When the job demands ingenuity, NASA engineers whip gadgets worthy of James Bond.

Air & Space Magazine

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Vranish's wrench incorporates something known as a 3-D sprag, which permits the wrench to travel in only one direction through a wedging action. "A 2-D sprag is basically a roller which locks in one direction and slips in the other," he explains. "A 3-D sprag is like a disc with wedges and contacts on the surface of those wedges. It locks up better, is more compact, and can withstand more force. It is a fundamentally new mechanical component."

This technology-which also works better than conventional ratchet wrenches in tight spots on Earth-makes ratchetless wrenches possible. NASA is negotiating with several well-known companies that want to market the wrench for industrial and consumer applications. So this is one gadget that James Bond will be able to pick up at Home Depot.


Robots are slowly beginning to look the way we expect them to-that is, like us. Robonaut, being developed by engineers at NASA's Johnson Space Center in Houston, is heading seriously in that direction-and for some very good reasons. "All the robotic devices we've flown on the space shuttle so far have been very large-scale manipulator systems and require specialized [fixtures and attachments] to be utilized," says Chris Culbert, head of the robotic technologies branch at JSC. "But most of NASA's vehicles are designed around humans for maintenance. So we set out to design a human-form robot." This, he says, saves NASA time and money, since engineers can eliminate robot-specific attachments and astronauts can be assisted by robots with a greater range of access and activity.

The current prototype has two arms, two hands, a torso, and a head. It is controlled by a human wearing a virtual reality hood-and-glove system, though its designers hope to eventually give it more autonomy. Their biggest challenge to date, however, has been equaling the engineering of the human hand and simply getting the robot to do what a human wearing a spacesuit glove can do. "That was our first real breakthrough," Culbert says. "We were shrinking existing technology to create a human-sized hand that has all the same movement and strength."

Robonaut will most likely be placed into service aboard the ISS or the shuttle, where its pogo-like leg can be attached anywhere on the vehicle-rather than at a single point as with robotic arms-to conduct repairs, install equipment, and assist with experiments while being controlled by an astronaut inside. For planetary exploration, Robonaut can be mounted on a wheeled rover, like a centaur. Looking even farther into the future, Culbert expects to one day complete the humanoid form. "We're facing some interesting balance and strength challenges," he says. "We as humans have a slew of systems that allow us to lean over and pick something up, but Robonaut will need very advanced software and control systems to do that. Maybe someday, though."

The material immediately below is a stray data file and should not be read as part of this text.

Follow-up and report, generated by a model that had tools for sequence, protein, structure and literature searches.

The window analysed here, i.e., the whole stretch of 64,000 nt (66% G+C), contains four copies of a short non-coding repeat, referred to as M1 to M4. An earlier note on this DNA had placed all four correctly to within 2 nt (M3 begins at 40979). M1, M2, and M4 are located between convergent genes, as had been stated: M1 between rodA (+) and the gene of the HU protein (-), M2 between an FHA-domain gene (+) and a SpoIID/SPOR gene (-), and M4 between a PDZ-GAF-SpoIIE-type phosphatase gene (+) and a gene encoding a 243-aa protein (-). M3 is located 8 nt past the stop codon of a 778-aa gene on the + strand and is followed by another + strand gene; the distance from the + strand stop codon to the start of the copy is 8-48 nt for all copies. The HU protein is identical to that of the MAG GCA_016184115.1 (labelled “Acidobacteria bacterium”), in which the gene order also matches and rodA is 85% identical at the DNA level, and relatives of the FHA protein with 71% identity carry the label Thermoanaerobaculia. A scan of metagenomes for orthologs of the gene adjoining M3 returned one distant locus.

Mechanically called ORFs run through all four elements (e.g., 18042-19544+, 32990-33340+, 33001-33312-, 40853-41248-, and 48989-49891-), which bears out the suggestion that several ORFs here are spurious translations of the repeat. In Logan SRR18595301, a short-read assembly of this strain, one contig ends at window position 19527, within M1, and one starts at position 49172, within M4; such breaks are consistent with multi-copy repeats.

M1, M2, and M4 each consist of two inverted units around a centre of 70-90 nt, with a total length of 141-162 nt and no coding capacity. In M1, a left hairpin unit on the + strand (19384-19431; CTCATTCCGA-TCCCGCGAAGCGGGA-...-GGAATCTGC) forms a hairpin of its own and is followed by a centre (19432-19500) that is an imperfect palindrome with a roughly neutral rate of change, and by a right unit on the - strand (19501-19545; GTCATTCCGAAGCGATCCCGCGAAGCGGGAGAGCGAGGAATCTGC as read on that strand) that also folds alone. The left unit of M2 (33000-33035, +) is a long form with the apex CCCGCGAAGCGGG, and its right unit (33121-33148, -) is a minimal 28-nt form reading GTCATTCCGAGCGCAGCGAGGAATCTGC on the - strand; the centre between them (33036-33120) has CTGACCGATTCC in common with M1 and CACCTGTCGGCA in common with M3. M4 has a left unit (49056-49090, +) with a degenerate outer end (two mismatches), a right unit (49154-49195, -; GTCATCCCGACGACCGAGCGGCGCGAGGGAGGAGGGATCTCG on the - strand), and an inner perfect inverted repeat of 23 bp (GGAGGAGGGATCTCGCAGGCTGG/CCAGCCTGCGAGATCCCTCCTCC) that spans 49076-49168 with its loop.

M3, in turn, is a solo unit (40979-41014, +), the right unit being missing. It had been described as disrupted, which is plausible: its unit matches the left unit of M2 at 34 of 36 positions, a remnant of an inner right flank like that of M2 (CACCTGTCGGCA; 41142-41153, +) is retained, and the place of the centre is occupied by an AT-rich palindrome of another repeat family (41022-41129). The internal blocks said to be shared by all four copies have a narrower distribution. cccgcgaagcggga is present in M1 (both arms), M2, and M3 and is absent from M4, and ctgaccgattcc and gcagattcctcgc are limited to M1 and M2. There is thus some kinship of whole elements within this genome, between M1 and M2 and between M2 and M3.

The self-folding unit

Object Recognition Processor

Like the Johnson Space Center engineers who modeled Robonaut after the human form, computer scientists at the Jet Propulsion Laboratory turned to the human model for their latest effort-though they looked more inward than out. Their Three-Dimensional Artificial Neural Network (3DANN) processor models the neural networks of the human brain to allow machines to identify objects practically as well as people do. "This little camera system can very quickly zoom onto specific features of objects to recognize them," says JPL computer scientist Anil Thakoor. "With the human eye, for example, you will not really recognize a car by its actual measurements, but your brain will recognize the concept of a car. That is what this cube is good at: recognizing objects by looking at their inherent qualities."

The sugar-cube-size processor can execute one trillion operations per second while consuming only 8 watts of power. This performance is several orders of magnitude greater than the capabilities of state-of-the-art desktop computers, which deliver about one billion operations per second while consuming 200 watts of power.

This means that weight- and power-sensitive spacecraft will be able to navigate visually and identify landing sites and obstacles on their own, without wasting time-and money-going back and forth with NASA controllers on Earth. Furthermore, planetary robots and rovers will be capable of autonomous selection of scientifically interesting features to study. Back home, the camera has already proven itself able to identify a cruise missile in various orientations, scales, and lighting conditions and amid a high level of background clutter.

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